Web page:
If Haman had heeded his wife's words, he probably would have spared himself an untimely and ignoble death: "Then his wise men and his wife Zeresh said to him, 'If Mordecai, before whom you have begun to fall, is of the Jewish people, you will not prevail against him but will surely fall before him" (Esther 6:13b, RSV).
Given Haman's attitude toward Mordecai, why do you think he refused to heed the advice of his wife? Why do you think she was able to see what Haman himself couldn't? What lessons can we learn from Haman's blindness about allowing emotions to overrule common sense and good advice?
In the same way, if Pilate had followed his wife's advice, he would have saved himself a lot of grief: "'Have nothing to do with that righteous man,'" she said to him, "'for I have suffered much over him today in a dream'" (Matt. 27:19b, RSV).
The story of Pilate's wife's dream becomes especially poignant because of the insights of another woman who heeded the voice of God. Look at what Ellen White adds to our understanding of what Pilate's wife saw in her dream: "In answer to Christ's prayer, the wife of Pilate had been visited by an angel from heaven, and in a dream she had beheld the Saviour and conversed with Him. Pilate's wife was not a Jew, but as she looked upon Jesus in her dream, she had no doubt of His character or mission. She knew Him to be the Prince of God. She saw Him on trial in the judgment hall. She saw the hands tightly bound as the hands of a criminal . . . Still another scene met her gaze. She saw Christ seated upon the great white cloud, while the earth reeled in space, and His murderers fled from the presence of His glory."The Desire of Ages, p. 732.
|Augustine once said: "Sin is to nature what blindness is to an eye." In this context, why do you think Pilate refused to listen to the advice of his wife? What reasons, in comparison to Haman, did he have for his refusal? Isn't it easy to see how some of the same things that blinded Haman and Pilate to good counsel (indeed, some came directly from the Lord Himself!) can blind us as well? What steps can we take to prevent ourselves from falling into the same trap as these two unfortunate men? In other words, what things exist in our lives that are blinding us from seeing what we need to see?|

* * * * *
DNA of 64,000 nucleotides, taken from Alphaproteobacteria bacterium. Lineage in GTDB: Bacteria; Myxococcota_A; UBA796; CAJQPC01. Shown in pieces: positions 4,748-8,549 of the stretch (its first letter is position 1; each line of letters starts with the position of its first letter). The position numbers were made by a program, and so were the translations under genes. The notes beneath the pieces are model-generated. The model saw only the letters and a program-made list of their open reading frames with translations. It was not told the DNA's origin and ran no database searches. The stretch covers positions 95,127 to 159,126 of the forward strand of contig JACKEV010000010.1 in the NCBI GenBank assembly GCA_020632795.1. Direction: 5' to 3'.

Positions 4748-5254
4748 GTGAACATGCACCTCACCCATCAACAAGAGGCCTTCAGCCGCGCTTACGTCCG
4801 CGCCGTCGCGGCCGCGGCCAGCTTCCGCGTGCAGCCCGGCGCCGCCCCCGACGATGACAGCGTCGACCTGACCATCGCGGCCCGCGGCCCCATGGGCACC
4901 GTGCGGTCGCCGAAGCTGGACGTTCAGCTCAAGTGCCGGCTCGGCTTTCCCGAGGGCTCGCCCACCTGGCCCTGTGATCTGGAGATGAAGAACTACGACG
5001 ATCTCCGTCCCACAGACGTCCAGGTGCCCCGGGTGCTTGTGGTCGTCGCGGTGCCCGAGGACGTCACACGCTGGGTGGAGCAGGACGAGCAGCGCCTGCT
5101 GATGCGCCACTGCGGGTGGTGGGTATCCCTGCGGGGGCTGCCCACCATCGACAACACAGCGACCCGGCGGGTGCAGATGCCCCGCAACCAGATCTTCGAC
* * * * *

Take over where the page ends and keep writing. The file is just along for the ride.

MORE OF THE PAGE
The closeness of the husband-and-wife relationship does not guarantee good advice. The familiar story of the original Fall leaves no doubt as to Eve's guiltand Adam's. Likewise, Abram and Sarai both sinned when he took Hagar as a wife. The lesson is clear: Those who influence others to sin are themselves sinning.
Sin in bunches. A single sin is hard to commit. It seems, as if by its demonic nature, sin rarely goes solo but instead clusters with other sins, each one feeding off the other. The case of Eve and the Fall exemplifies this principle. Her first error was wandering away from her husband's side. Next, she lingered around the forbidden tree. She then listened to the voice of the serpent, even daring to doubt God's words about not eating from the tree. Trusting her own judgment and sightas opposed to the clear command of GodEve ate from the tree. Then "she offered the fruit to her husband, thereby tempting him."Early Writings, pp. 147, 148.
After both fell, what was their first reaction? "The man said, 'The woman whom thou gavest to be with me, she gave me fruit of the tree, and I ate.' Then the Lord God said to the woman, 'What is this that you have done?' The woman said, 'The serpent beguiled me, and I ate" (Gen. 3:12, 13, RSV). Why is it so natural for us to blame others for our sin?
What modern story can compete with the tale of the love triangle between the rich and influential Abraham, the beautiful but barren Sarah, and an Egyptian maid? The determined characters, the intriguing plot, the oriental setting, the conniving, and then backfiringall captivate the imagination.